The Beatles were pioneers of rock‘n’roll-videos too, inventing MTV 16 years before it was launched. As the 2nd Blu-Ray/DVD can’t be bought separately (it includes “Rain”, “Strawberry Fields Forever”, “A Day In The Life”, “Hey Bulldog”, “Revolution”, “Don’t Let Me Down” as well as the hugely successful “Free As A Bird” and “Real Love” videos from the “Anthology” series), just fork out for it.
As for the audio, it’s a revelation. It’s been carved in stone that the original Beatles mixes were not to be meddled with. The only exceptions (apart from George Martin’s strange stereo remixes of “Help!” and “Rubber Soul” when preparing those albums for CD back in 1987) being the soundtrack of the “Yellow Submarine” movie that had to be fully remixed for the DVD release in 1999 (creating a brand new soundtrack-album, “Yellow Submarine Songtrack”, supposed to replace the original soundtrack from 1969) and the Cirque du Soleil’s “Love” project in 2006. When all the original Beatles-albums were re-mastered and re-launched on CD in 2009 (and on vinyl in 2012 and 2014), Apple/EMI stuck to the original mixes again.
But not this time. For the new edition of “1” Giles Martin and Sam Okell went back to the original multi-track tapes and remixed every song, with three exceptions, in stereo (the exceptions being “Love Me Do”, “From Me To You” and “She Loves You”, all remixed in mono). They’ve taken extreme care not to alter the overall feel of the recordings, there’s nothing here you don’t recognise, but they have given the songs a new clarity, depth and punch, the stereo separation and sound-balance is improved, there’s more space, more details.
The angelic harmony vocals in “Let It Be”, the bass and punch of “Paperback Writer”, the hammering pianos in the “Penny Lane” intro, the beautiful and warm clarity of “Yesterday”, the widescreen sound effects of “Yellow Submarine”, the three dimensional strings in “Eleanor Rigby’, the crisp acoustic guitars in “Help!”, the guitar attack in “I Feel Fine” and “Ticket To Ride”, the wonderful vocal harmonies that grace most of the songs. It’s an overwhelming experience, a real treat.
I’m a little surprised that they didn’t use the multi-track tape for a stereo mix of “From Me To You”, but rather went for the mono version. And I still can’t understand why Apple accept that “Please Please Me” was not a no. 1 in the UK, when it was in all the charts that were quoted at the time. Or as Dusty Springfield sings in “Nothing Has Been Proved” from the movie “Scandal” (1989):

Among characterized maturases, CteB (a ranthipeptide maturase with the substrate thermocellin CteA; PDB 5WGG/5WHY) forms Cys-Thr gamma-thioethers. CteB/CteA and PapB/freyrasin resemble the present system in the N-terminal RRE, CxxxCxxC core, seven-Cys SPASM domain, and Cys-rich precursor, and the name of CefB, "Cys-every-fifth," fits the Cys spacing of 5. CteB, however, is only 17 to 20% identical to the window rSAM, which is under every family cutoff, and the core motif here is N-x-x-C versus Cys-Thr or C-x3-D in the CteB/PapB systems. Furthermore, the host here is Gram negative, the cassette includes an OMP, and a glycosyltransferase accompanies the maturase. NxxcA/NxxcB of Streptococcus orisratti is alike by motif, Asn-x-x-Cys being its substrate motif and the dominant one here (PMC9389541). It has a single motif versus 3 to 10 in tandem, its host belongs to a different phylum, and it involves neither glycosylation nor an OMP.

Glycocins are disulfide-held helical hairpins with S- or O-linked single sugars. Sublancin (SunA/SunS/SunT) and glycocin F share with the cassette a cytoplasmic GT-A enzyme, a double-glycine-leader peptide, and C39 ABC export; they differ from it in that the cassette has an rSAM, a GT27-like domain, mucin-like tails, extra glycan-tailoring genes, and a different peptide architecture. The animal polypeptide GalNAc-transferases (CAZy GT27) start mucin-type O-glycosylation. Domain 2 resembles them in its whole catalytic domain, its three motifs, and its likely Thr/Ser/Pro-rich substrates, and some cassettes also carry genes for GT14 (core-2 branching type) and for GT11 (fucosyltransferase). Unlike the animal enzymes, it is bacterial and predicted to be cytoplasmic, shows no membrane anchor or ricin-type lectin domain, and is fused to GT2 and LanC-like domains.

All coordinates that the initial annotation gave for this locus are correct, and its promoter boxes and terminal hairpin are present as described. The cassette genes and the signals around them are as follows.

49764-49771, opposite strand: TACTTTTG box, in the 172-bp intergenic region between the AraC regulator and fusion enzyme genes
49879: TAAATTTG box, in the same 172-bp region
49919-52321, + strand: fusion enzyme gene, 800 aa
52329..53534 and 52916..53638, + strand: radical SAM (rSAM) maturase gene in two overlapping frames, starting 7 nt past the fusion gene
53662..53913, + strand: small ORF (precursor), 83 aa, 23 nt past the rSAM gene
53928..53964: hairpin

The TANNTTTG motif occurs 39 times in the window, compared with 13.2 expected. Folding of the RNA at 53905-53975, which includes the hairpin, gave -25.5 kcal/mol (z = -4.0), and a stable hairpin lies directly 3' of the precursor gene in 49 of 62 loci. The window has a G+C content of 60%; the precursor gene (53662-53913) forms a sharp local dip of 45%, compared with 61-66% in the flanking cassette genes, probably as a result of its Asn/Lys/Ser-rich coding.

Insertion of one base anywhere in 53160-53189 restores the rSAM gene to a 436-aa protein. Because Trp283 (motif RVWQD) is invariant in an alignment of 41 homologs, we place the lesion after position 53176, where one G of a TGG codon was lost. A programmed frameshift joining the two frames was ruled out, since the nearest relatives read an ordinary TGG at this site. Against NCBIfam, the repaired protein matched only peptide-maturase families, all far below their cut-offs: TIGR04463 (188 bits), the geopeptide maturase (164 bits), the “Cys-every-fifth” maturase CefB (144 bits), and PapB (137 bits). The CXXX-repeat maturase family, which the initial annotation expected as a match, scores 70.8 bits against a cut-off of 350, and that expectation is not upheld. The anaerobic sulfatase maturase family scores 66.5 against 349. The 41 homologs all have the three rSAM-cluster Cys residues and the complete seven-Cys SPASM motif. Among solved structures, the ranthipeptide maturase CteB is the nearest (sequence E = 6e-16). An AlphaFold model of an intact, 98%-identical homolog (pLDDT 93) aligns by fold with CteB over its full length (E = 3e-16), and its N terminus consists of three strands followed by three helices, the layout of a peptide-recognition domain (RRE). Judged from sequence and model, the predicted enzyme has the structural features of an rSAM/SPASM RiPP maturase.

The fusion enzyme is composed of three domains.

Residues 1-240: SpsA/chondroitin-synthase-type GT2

In the news the suicide note, in the court an empty space
Even Mandy’s looking worried, Christine’s pale and drawn
Please Please Me’s number one
There’s actually another song missing as well. “The Long And Winding Road” topped the US charts for two weeks and is of course included, but the compilers have ignored the fact that it was not alone up there as it was registered as a double A-side with “For You Blue”. Take a look at the old chart, it’s there for all to see.
So actually, “1” should have been a 29 track compilation. We’ve been robbed for two bona fide no. 1’s. Heads should roll!
Released: November 7, 2015
Produced by: George Martin (except for “The Long And Winding Road”, produced by Phil Spector)
Remixed by: Giles Martin and Sam Okell
Contents: Love Me Do/ From Me to You/She Loves You/I Want to Hold Your Hand/Can’t Buy Me Love/A Hard Day’s Night/I Feel Fine/Eight Days a Week/Ticket to Ride/Help!/Yesterday/Day Tripper/We Can Work It Out/Paperback Writer/Yellow Submarine/Eleanor Rigby/Penny Lane/All You Need Is Love/Hello, Goodbye/Lady Madonna/Hey Jude/Get Back/The Ballad of John and Yoko/Something/Come Together/Let It Be/The Long and Winding Road
1st Blu-ray/DVD contains the videos to all the 27 tracks mentioned above in 5.1 mixes.
2nd Blu-ray/DVD contains these videos in 5.1 mixes: Twist And Shout/Baby It’s You/Words Of Love/Please Please Me/I Feel Fine/Day Tripper/Day Tripper/We Can Work It Out/Paperback Writer/Rain/Rain/Strawberry Fields Forever Within You Without You & Tomorrow Never Knows/A Day In The Life/Hello, Goodbye/Hello, Goodbye /Hey Bulldog/Hey Jude/Revolution/Get Back/Don’t Let Me Down/Free As A Bird/ Real Love.